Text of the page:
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        • #5
          I just keep mine in my truck and they have never gave me any trouble

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          • #6
            While it is not proper, there are lots of open cans of 7018 out there, and the guys that have them are welding just fine.
            Jeff

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            • #7
              If you are welding in a situation where you need to reduce the possibility of hydrogen induced cracking (such as to code) then you better use a rod oven if the box is open for more than a day.

              I've dipped a 7018 rod into water and then welded and it turned out fine, but I wouldn't want to do that on anything important.

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              • #8
                7018 Storage

                Small rod ovens can be purchased for around $200, and hold 10# of "sticks."

                They maintain the proper 220-350F temperature for 7018 storage.

                They take up little room, run off of ordinary 120 V houshold current, and will insure your rods are moisture free.

                Rods sold in vacuum sealed cans can be stored virtually forever, unopened.

                Some manufacturers (Hobart for instance) sells them in plastic containers with moisture absorbing dessicant packets, but should be put in an oven once you get home.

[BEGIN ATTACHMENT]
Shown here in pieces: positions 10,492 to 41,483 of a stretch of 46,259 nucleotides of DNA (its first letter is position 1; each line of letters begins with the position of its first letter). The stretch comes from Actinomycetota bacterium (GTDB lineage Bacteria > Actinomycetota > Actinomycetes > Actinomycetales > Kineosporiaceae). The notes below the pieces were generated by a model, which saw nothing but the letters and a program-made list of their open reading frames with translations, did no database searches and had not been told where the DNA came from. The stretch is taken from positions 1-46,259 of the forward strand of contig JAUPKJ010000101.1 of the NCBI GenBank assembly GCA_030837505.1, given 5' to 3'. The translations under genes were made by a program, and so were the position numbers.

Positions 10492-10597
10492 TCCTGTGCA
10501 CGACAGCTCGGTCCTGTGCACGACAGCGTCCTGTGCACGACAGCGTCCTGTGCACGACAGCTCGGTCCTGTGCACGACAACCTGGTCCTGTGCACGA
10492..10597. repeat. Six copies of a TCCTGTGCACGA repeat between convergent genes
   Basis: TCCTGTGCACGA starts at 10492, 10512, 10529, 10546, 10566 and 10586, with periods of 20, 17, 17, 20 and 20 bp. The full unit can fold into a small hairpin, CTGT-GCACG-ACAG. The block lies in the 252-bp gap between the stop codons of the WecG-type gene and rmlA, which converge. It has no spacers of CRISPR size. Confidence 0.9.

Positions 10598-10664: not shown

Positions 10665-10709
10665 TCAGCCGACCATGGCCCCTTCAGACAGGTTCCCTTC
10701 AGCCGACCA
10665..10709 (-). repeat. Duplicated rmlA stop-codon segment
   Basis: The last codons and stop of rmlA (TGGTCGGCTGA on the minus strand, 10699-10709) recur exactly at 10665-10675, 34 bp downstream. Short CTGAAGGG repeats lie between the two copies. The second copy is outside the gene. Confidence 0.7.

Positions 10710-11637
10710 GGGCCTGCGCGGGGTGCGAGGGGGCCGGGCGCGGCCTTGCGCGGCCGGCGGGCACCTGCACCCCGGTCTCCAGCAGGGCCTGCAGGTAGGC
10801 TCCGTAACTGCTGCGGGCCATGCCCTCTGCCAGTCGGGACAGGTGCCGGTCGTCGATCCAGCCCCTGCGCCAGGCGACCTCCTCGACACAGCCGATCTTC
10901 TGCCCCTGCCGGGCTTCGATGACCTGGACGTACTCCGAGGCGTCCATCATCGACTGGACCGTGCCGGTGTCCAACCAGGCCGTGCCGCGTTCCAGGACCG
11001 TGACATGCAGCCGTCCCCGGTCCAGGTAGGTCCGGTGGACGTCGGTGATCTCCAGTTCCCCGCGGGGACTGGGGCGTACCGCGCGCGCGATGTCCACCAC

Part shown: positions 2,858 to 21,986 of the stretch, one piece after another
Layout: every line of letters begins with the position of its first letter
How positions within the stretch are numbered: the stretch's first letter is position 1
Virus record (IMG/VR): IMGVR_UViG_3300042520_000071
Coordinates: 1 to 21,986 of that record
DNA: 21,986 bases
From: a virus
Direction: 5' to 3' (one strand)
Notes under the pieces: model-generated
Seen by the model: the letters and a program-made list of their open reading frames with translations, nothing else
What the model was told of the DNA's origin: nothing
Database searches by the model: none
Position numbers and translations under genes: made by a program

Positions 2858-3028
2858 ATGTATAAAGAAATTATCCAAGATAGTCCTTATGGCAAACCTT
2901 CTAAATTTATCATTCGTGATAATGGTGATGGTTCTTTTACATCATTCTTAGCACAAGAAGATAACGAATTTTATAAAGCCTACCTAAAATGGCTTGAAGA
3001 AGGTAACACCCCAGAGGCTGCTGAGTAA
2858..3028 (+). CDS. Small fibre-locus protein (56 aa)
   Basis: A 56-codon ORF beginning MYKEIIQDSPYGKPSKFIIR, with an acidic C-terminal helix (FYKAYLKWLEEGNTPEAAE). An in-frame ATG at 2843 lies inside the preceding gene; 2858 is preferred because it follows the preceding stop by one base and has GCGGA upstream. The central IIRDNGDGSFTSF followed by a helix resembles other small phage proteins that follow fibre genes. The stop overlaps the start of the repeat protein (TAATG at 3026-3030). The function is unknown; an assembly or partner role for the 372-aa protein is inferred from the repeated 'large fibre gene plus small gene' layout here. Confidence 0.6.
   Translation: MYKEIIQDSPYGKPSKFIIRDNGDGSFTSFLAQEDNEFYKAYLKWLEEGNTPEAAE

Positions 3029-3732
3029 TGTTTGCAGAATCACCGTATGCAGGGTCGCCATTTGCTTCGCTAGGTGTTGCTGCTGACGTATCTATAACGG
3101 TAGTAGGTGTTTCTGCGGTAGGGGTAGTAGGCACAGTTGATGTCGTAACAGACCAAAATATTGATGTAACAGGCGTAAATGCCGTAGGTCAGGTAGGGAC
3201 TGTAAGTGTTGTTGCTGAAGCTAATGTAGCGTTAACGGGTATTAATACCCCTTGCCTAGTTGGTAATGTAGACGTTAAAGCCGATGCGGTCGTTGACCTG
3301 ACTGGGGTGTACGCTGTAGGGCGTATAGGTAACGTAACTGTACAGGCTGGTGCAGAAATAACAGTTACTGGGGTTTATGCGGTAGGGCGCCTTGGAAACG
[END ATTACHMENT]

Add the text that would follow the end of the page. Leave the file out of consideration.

If you're doing a small project or job, buy them in 5# packages if you have no way to store them properly.

                7018's are changed out every 4 hours on jobs, 8018's every 2 hours, 9018's every hour and 10018's every 1/2 hour.

                Phoenix, Keen, Mathey Dearman, and Lenco are popular brands.

                Dave
                "Bonne journe'e mes amis"

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                • #9
                  For single pass work on light mild steel they work ok without special storage, have used thousands of them that way.

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                  • #10
                    This is the answer I received from Hobart about 7018 rods in the 10 lb. plastic container.

                    "The 7018 will be satisfactory until the seal is removed. Once the seal is removed the electrode will begin to absorb moisture. There is a general mis-understaiding of the low hydrogen electrodes. If they are being used on what is referred to as a code job the electrodes must be stored in an electrode oven at a temperature of 300 deg. F and no more than 2 hours worth of electrodes removed by the welder at a time. Most of the 7018 electrodes used in the industry today are inproperly stored by the end users and would not meet the hydrogen absorption limits for those (code applications)."